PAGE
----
To answer the question De Marsche sought out Spencer Davis, a long-time resident of Catalina Island. The two met during a visit to the island by Pattie Boyd, former wife of George Harrison and Eric Clapton, whose photographs were exhibited at the Catalina Island Museum in 2011.

"I've been interested in the influence of the blues on British rock for a long time. I thought I knew a thing or two until I met Spencer. His knowledge is absolutely encyclopedic, and his interest started when he was a kid. He had exotic tastes for his native Wales, and he developed early an abiding love for black musicians from the American South. The raw emotion of the blues was far different than anything he could hear on BBC radio. The music inspired him to pick up the guitar and sing. After he enrolled in college, he realized that he could make a little money singing and playing the blues in little pubs and coffee shops."

It was during Spencer Davis' earliest days as a musician that a single comment from a pub owner changed his life.

"He was told that the trend was toward hiring groups like the Beatles, who were now all the rage in Britain," states De Marsche. "He's living in Birmingham and begins to search the city for a few musicians who might share his interest in American blues. He finds himself one night in a dark, little back room and hears a boy of 15 who is, in Spencer's words, playing the piano like Oscar Peterson and singing like Ray Charles. He recognized immediately that Steve Winwood was something special. But, as Spencer is fond of saying, the important thing was that they had similar record collections."

Spencer Davis' discovery of Steve Winwood's immense talent is a defining moment in rock history. Joined by Steve's brother Muff on bass and Peter York on drums, the Spencer Davis Group exploded onto the music scene, releasing within a brief period of time a series of hits, including "Somebody Help Me," "Keep on Running," "Gimme Some Lovin'" and "I'm a Man." The band rocketed from obscurity into instant stardom.

A documentary film accompanies the exhibition and is focused on interviews conducted with Davis while De Marsche organized the exhibition. The film is shown in the gallery, where all the photographs are exhibited. You can hear Spencer tell the story of the band while viewing the photographs. His commentary reveals aspects of the group's history never told before. And it shouldn't be forgotten that nearly all of the photographs haven't been seen in over 50 years. It's a unique exhibition, offering a rare glimpse into one of the era's most celebrated bands.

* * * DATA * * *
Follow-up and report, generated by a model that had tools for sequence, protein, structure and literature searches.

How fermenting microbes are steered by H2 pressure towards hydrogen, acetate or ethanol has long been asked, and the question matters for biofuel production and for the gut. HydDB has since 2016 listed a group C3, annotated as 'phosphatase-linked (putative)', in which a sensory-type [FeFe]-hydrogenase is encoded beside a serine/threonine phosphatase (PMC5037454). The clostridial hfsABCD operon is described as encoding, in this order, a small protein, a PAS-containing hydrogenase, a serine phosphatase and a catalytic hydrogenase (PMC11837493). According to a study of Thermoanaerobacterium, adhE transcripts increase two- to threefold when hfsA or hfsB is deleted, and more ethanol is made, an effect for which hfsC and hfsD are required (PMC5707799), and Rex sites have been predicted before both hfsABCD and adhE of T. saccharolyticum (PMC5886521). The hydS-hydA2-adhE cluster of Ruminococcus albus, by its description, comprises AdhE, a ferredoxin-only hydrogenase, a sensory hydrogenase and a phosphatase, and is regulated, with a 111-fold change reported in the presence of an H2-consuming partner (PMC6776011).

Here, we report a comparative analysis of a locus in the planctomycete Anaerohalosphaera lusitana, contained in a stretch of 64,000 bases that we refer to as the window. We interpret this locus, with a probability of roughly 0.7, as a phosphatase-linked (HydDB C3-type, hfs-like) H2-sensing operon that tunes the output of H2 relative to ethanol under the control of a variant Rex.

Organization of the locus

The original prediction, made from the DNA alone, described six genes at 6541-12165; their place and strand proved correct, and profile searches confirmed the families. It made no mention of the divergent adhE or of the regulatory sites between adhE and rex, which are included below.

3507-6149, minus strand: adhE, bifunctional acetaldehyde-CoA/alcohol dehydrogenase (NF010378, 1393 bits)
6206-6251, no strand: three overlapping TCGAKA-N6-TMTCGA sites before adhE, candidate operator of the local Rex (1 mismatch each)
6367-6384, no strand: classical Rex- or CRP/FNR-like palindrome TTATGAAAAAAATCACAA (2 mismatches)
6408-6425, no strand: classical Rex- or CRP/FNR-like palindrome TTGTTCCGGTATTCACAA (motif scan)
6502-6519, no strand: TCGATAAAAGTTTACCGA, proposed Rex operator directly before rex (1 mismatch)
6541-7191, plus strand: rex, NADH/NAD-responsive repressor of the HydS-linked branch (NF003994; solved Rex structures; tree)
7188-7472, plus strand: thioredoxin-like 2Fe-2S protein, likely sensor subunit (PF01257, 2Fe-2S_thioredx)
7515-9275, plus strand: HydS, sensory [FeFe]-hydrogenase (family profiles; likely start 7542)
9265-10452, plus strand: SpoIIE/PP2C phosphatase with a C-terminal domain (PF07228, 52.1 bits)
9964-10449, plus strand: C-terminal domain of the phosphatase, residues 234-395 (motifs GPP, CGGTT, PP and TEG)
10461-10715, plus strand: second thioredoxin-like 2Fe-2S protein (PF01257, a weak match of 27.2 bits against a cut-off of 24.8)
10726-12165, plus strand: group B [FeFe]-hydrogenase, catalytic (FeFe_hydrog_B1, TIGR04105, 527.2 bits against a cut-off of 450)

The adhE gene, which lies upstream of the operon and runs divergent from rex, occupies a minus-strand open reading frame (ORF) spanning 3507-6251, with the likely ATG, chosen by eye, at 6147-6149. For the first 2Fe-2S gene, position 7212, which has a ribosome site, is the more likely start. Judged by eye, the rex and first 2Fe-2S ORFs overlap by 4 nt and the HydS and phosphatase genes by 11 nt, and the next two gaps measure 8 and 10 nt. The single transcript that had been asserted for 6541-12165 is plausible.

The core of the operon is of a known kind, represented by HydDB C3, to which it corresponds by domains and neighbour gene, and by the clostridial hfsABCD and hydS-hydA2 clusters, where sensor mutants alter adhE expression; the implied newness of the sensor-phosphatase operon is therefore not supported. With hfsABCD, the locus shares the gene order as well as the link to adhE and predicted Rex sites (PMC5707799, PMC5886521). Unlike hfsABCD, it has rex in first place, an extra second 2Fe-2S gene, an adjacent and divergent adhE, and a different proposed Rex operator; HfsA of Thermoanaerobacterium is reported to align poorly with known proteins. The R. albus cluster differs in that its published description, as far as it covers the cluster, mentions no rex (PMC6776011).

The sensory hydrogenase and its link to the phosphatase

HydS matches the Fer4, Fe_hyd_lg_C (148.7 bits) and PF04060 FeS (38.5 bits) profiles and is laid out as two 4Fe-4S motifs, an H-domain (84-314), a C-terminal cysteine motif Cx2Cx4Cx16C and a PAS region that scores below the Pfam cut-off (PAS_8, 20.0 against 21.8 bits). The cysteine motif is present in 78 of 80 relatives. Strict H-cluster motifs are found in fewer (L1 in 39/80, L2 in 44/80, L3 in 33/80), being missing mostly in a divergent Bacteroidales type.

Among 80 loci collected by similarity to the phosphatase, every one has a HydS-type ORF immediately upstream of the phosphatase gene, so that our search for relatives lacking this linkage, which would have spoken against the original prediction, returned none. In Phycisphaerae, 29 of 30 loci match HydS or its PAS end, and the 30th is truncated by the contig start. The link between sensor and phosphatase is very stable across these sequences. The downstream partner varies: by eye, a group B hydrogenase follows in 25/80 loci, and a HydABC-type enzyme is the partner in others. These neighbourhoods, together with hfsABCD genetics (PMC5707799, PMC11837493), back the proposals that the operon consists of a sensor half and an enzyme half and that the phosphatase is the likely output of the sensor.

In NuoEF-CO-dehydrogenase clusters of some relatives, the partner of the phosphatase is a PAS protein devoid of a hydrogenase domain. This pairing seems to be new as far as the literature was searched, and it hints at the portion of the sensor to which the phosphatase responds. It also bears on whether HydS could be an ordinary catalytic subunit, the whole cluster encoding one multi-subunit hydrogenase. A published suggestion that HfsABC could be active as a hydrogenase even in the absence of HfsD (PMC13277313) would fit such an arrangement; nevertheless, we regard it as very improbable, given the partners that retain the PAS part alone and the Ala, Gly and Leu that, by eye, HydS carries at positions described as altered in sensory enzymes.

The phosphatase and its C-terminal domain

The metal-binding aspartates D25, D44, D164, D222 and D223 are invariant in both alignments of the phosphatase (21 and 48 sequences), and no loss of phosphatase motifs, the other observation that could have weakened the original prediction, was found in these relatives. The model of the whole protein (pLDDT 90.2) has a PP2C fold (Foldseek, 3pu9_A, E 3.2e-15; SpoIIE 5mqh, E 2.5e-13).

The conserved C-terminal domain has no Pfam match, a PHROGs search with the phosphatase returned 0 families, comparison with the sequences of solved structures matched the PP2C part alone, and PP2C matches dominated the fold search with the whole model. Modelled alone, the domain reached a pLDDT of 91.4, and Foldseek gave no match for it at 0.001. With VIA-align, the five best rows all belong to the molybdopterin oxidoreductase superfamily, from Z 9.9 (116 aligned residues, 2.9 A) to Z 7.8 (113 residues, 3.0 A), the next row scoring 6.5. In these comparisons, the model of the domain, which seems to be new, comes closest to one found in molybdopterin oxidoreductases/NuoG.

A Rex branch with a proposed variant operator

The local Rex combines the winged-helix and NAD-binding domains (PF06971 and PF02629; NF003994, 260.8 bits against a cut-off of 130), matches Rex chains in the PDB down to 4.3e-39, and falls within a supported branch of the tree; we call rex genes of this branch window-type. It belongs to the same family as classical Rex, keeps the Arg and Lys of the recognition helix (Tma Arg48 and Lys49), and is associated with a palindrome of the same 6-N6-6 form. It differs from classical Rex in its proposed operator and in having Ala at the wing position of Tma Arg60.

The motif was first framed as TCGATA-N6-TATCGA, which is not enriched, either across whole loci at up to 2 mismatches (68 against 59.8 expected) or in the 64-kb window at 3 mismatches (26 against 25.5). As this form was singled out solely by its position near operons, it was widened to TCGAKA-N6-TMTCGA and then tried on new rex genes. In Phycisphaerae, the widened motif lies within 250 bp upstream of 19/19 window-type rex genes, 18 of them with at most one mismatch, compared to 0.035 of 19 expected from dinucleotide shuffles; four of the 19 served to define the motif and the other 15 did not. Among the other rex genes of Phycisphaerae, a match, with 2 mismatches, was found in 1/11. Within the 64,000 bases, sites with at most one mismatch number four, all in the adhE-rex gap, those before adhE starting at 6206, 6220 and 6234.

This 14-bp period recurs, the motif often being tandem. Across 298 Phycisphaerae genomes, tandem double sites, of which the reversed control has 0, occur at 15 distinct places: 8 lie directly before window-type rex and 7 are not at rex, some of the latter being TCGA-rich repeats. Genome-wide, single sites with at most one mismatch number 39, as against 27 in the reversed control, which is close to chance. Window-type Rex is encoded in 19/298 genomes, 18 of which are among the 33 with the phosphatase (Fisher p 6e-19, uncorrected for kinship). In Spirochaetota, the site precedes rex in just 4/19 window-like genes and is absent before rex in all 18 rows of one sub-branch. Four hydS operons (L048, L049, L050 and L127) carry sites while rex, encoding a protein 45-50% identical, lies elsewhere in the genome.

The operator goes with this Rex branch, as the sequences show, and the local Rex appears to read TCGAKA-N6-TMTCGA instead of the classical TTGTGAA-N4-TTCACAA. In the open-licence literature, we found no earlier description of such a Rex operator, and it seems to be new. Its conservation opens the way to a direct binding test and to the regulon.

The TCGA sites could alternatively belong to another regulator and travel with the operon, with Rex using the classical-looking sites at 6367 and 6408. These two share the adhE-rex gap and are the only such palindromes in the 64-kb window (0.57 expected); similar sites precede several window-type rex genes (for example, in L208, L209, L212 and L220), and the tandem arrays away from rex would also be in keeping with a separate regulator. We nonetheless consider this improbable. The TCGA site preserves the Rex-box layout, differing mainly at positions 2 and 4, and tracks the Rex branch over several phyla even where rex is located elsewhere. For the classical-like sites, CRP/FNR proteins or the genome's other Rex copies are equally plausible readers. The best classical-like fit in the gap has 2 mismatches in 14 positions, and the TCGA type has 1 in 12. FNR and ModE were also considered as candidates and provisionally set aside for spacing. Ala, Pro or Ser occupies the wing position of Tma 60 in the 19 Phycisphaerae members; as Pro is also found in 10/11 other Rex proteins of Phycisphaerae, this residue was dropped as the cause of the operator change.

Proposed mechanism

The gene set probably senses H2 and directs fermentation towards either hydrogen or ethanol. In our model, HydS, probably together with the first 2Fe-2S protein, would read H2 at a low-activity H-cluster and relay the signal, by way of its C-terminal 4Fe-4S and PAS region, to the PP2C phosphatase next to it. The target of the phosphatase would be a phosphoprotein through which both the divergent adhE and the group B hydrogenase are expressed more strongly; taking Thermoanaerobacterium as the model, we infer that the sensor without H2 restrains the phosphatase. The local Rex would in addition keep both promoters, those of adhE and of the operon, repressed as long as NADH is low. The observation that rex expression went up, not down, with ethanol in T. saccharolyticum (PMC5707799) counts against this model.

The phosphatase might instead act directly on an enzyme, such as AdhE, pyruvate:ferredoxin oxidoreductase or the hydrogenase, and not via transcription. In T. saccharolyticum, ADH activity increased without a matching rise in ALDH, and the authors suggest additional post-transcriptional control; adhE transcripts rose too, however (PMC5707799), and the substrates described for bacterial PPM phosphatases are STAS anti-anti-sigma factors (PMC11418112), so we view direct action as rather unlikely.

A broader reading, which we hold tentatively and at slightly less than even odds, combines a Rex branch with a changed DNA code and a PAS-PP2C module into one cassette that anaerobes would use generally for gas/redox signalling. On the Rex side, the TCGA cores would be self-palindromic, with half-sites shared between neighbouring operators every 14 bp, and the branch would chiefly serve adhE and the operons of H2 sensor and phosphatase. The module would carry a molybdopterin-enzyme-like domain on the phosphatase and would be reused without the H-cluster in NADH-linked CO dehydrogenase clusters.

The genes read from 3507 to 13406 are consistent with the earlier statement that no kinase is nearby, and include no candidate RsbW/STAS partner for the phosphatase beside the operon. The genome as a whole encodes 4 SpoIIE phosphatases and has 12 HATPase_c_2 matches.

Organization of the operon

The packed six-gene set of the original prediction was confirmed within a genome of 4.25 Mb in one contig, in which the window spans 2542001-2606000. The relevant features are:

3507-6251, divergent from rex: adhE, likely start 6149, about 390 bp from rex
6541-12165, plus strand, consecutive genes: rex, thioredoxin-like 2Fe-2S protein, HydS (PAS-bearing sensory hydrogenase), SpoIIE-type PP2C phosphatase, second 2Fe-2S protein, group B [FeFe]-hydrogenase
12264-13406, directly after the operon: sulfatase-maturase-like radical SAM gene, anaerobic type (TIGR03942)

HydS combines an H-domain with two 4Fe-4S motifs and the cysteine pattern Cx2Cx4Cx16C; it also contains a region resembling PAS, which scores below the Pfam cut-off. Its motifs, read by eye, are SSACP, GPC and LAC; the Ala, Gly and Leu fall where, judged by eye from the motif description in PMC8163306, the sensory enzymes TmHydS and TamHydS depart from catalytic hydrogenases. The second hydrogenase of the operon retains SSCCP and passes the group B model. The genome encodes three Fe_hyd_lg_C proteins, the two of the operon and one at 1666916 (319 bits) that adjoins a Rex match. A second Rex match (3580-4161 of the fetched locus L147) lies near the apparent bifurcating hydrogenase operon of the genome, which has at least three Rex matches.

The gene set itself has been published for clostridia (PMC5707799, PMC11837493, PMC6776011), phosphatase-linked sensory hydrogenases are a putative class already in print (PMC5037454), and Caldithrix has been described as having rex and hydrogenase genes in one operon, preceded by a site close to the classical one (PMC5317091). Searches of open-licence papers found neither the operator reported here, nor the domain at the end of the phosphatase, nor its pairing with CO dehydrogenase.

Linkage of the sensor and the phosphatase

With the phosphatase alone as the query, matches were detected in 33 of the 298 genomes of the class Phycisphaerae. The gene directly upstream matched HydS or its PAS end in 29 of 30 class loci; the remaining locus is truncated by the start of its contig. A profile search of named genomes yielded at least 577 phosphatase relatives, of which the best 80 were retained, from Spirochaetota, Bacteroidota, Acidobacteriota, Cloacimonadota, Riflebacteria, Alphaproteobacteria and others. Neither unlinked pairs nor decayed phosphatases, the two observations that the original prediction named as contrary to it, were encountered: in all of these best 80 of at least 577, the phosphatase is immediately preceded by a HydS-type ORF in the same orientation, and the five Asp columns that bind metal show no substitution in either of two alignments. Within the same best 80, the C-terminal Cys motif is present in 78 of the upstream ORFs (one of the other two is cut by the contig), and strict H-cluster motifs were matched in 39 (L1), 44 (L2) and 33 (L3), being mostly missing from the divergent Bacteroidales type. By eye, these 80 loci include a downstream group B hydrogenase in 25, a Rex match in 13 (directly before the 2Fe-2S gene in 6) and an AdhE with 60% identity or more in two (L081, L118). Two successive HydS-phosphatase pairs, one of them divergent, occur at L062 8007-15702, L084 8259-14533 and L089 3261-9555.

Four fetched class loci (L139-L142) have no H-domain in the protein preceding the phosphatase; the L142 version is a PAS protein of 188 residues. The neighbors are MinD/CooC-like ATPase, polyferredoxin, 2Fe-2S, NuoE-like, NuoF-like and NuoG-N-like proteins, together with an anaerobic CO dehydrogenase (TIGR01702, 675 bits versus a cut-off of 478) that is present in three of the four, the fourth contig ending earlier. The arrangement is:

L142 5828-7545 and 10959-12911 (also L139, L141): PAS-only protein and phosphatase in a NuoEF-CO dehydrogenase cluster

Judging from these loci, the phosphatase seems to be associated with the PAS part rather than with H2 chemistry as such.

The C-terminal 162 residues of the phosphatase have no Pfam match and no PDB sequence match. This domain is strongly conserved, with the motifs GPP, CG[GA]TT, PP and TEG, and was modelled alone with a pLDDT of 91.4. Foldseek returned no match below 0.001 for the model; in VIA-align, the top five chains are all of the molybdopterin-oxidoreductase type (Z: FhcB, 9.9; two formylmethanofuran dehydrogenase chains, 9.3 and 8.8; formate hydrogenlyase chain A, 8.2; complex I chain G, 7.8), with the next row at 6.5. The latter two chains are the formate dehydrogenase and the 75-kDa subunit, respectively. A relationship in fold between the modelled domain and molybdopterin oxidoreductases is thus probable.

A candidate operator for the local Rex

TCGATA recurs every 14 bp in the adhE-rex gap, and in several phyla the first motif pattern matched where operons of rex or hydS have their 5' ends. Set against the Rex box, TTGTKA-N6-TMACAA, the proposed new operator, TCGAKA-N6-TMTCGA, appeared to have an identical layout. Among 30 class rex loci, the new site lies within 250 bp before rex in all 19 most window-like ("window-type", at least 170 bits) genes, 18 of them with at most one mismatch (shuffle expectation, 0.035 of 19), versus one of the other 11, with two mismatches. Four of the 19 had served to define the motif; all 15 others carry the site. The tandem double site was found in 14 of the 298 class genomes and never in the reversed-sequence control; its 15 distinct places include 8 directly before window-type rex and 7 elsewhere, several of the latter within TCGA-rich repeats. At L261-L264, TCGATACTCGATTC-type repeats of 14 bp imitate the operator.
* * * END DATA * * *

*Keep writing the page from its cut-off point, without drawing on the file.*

The opening reception for the exhibition Gimme Some Lovin': The Spencer Davis Group will take place on June 30th at 6:00 p.m at the Catalina Island Museum. The reception is free to museum members and $10 for non-members. The exhibition runs through August 22nd.

The Catalina Island Museum's symposium will include Martin Lewis, the L.A.-based, British-born TV and radio personality, who is a widely-respected scholar on the Beatles and British pop culture. Lewis will moderate the a panel discussion with musicians Spencer Davis, Peter Asher, and Micky Dolenz together with DJ Emperor Rosko formerly of Britain's first pirate radio station - Radio Caroline. A question and answer period with the audience will occur after the symposium.

Lewis commented on the upcoming event, "It is fascinating to me that so few American admirers of the Beatles and the other British Invasion artists realize the incredible influence on UK artists of American music. In essence, without this country's phenomenal musical culture , there would never have been a British Invasion. So it is fitting as we approach July 4th - a date that is usually regarded as Independence Day that on Catalina we will be celebrating what I call Co-Dependence Day! Examining and saluting the connections between American and British music and how the former inspired the latter. I'm especially pleased to be joining with old pals Spencer, Peter and Micky and such a broadcasting giant as Rosko for this incredible event. I encourage those in traveling distance of Catalina to join us for this fun voyage into the rich history of the British Invasion."

The Catalina Island Museum Presents The British Invasion Rocks America will take place on Saturday, June 30 at 4:00 p.m. in the theater of the Avalon Casino. Immediately following the symposium at 6:30 p.m., symposium participants will be available for a signing in the museum's Harbor Room. The signing is free to the public. The opening reception for the exhibition Gimme Some Lovin': The Spencer Davis Group will take place on the same day at 6:00 p.m in the museum. Spencer Davis and the Catalina Island All-Stars will perform during a Fourth of July Concert and Fireworks at The Point at the Avalon Casino. The concert begins at 6:00 p.m.

For more information or to purchase tickets to the symposium, exhibition or concert, the museum may be reached by phone at 310-510-2414 or at its website

The Catalina Island Museum is Avalon's sole institution devoted to art, culture and history. The museum, its digital theater and store are located on the ground floor of Avalon's historic Casino and are open 7 days a week, from 10:00 a.m. to 5:00 p.m.

Published June 21, 2012